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Syrian Troops Advance Near Aleppo      09/24 08:32

   BEIRUT (AP) -- Syrian government forces captured a rebel-held area on the 
edge of Aleppo on Saturday, tightening their siege on opposition-held 
neighborhoods in the northern city as an ongoing wave of airstrikes destroyed 
more buildings.

   The new government push came as the U.N. said that nearly 2 million people 
in Aleppo, Syria's largest city and onetime commercial center, are without 
running water following an escalation in fighting over the past few days.

   Government forces captured the rebel-held Palestinian refugee camp of 
Handarat as airstrikes pounded rebel-held eastern neighborhoods of Aleppo, 
killing at least 25 people, according to the Britain-based Syrian Observatory 
for Human Rights. The Local Coordination Committees, another monitoring group, 
said 49 were killed on Saturday alone.

   The Observatory said the death toll in Aleppo is expected to rise since many 
wounded people are in critical condition and rescue workers are still digging 
through the rubble.

   Residents say the latest bombardment is the worst they've seen since rebels 
captured parts of the city in 2012.

   An unnamed Syrian military official was quoted by state media on Friday as 
saying that airstrikes and shelling in Aleppo would continue for an extended 
period and "include a ground offensive" into rebel-held areas.

   The fall of Handarat to Syrian troops allied with pro-government Palestinian 
fighters pushes insurgents further away from Castello Road, a main artery 
leading to rebel-held parts of the city, which is now controlled by the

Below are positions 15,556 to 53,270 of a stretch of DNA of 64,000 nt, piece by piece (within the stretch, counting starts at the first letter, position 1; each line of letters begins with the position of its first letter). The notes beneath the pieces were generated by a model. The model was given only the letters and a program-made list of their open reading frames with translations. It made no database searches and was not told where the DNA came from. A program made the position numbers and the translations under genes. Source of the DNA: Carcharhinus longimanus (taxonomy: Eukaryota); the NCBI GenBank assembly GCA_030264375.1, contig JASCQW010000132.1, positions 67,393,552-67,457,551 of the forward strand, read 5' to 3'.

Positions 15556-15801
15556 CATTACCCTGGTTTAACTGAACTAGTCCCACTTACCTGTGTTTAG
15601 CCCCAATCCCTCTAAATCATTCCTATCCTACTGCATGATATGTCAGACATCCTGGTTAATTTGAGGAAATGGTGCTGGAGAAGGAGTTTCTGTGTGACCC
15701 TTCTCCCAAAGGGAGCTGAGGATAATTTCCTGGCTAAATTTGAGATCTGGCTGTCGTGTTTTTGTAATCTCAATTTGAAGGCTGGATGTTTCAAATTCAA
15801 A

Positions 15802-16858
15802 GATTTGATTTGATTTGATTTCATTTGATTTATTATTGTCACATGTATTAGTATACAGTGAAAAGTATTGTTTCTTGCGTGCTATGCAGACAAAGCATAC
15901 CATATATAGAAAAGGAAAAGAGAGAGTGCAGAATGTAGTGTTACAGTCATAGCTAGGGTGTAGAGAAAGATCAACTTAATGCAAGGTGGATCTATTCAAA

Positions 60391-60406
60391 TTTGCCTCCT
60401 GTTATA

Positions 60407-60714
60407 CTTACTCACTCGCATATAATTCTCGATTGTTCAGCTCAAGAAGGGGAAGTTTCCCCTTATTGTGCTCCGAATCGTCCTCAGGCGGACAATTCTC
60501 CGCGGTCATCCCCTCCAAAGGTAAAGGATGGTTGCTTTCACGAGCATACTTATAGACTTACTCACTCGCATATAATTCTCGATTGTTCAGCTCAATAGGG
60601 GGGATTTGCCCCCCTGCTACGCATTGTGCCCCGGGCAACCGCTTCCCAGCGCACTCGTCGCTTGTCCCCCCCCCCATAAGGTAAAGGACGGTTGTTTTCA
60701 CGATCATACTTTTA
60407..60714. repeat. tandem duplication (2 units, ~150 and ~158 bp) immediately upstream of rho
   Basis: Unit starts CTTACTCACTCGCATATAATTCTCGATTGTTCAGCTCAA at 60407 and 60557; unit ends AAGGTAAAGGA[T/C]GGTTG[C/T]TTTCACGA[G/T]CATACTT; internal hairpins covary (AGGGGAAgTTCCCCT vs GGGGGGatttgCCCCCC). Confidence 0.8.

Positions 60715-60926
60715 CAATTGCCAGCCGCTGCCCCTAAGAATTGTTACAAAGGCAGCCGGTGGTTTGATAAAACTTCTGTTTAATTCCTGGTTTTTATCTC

government.

   "Breaking the siege through the Castello road has become very difficult," 
Yassin Abu Raed, an opposition activist based in Aleppo province, told The 
Associated Press.

   An unnamed Syrian military official quoted by state TV confirmed the capture 
of Handarat, adding that many insurgents were killed. He said experts are 
removing explosives from the area. The camp, which is almost empty and largely 
destroyed, has witnessed intense fighting and bombardment in recent years. It 
has changed hands in the past between government forces and insurgents.

   The push came as diplomats in New York have failed to salvage a cease-fire 
that lasted nearly a week, before giving way to what residents and activists 
say is a new level of violence. The bombing, which began in earnest late 
Wednesday, has been unprecedented, targeting residential areas, infrastructure 
and civil defense centers.

   A Western diplomat speaking to a group of journalists in Beirut said that in 
New York, the impression from meeting with the Russians was that there is no 
new offensive, but there are been some mixed messages from the ground. He said 
there had been reports of advances on the ground and some beefing up of the 
government and allied forces there.

   "I will say it seems highly improbable that there will be quick defeat of 
eastern Aleppo," the diplomat said, referring to the rebel-held districts. "The 
only way to take it is by such monstrous atrocities that it would resonate for 
generations."

   "It would be absolutely the stuff of myth and history," he said.

   Living conditions in the already-battered eastern districts have meanwhile 
grown even worse.

   Hanaa Singer, UNICEF representative in Syria, said intense attacks damaged 
the Bab al-Nairab station, which supplies water to some 250,000 people in the 
rebel-held east.

   Singer said that in retaliation, the Suleiman al-Halabi pumping station, 
also located in the rebel-held east, was switched off --- cutting water to 1.5 
million people in government-held western parts of the city.

   "Depriving children of water puts them at risk of catastrophic outbreaks of 
water-borne diseases," Singer warned in her statement, released late Friday.  


(KA)

 
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